Franco was notorious for shooting back-to-back in his heyday, sometimes even simultaneously, and sometimes without the knowledge of those paying his bills. The most frequently cited example of this is Women Behind Bars, which appears to have been shot alongside Barbed Wire Dolls (both 1975) and thus funded unwittingly by Erwin C. Dietrich. Whatever we make of this practice – whether we consider it to be morally dubious, ingenious or evidence of his compulsion to keep filming – it goes some way towards explaining the director’s vast filmography. It may also provide an insight into the unevenness of many of the films, which can oscillate between scenes of obvious inspiration and apparent indifference, as though his mind was elsewhere. Either way, this practice of shooting on a very small scale, of working from a bare outline and shooting with whoever happened to be around, sometimes bore remarkable fruit.
“This picture of blossoming youth will crumble.”
Lady Doriana Gray (Lina Romay) lives a life of relative seclusion, alone but for her mute man-servant Ziros (Ramon Ardid). A visit from an American journalist (Monica Swinn) brings to light the presence of a sister, a Siamese-twin sister from who she was separated at birth. Sadly the operation came at a price, and the nameless sister is now confined to an institution, psychically still tethered to her sister and condemned to feel the sexual sensations which Doriana – despite her craving desires – cannot.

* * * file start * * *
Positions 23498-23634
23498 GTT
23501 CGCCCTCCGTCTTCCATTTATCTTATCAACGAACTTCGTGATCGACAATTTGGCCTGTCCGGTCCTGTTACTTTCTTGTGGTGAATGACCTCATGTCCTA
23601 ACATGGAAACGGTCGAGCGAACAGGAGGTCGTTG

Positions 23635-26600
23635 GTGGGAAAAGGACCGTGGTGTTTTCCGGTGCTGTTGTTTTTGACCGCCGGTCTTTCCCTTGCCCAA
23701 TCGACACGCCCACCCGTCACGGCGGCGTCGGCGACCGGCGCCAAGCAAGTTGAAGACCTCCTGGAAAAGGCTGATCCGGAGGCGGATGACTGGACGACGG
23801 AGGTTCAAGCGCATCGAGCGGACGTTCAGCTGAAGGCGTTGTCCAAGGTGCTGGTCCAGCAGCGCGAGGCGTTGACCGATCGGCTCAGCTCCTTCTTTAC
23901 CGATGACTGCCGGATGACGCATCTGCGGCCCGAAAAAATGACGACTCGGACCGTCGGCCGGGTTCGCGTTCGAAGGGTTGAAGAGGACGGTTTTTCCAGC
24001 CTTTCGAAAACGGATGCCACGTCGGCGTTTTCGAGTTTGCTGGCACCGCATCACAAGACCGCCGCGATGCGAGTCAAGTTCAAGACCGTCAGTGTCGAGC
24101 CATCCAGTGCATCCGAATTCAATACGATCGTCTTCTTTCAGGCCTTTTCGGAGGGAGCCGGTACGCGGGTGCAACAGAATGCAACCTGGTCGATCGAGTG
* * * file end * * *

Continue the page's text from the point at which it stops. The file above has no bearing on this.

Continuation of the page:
Laying out the film’s premise like this, it occurs to me that a first-time viewer might expect a romp in which a horny heroine explores every avenue in order to scratch her sexual itch, and Das Bildnis der Doriana Gray (1975) is nothing of the sort. In fact, what we have here is a languidly-paced, rather artistically-shot tragedy with elements of horror and hardcore sex thrown in – a very strange brew.
In narrative terms, the film actually resembles the director’s own Female Vampire (1973) as much as the Wilde story from which it takes its name. There is talk of the sister’s beauty being more lasting than Doriana’s – making her a very physical equivalent of the portrait in the attic – although it’s never made clear why that would be. Actually the fate of Lady Gray is much closer to that of Irina Karlstein’s, in that she is compelled to take sexual partners and to kill them in so doing. Like much of the director’s best work, this is more about mood than message though, with Dietrich himself commenting that the actual content is largely inconsequential.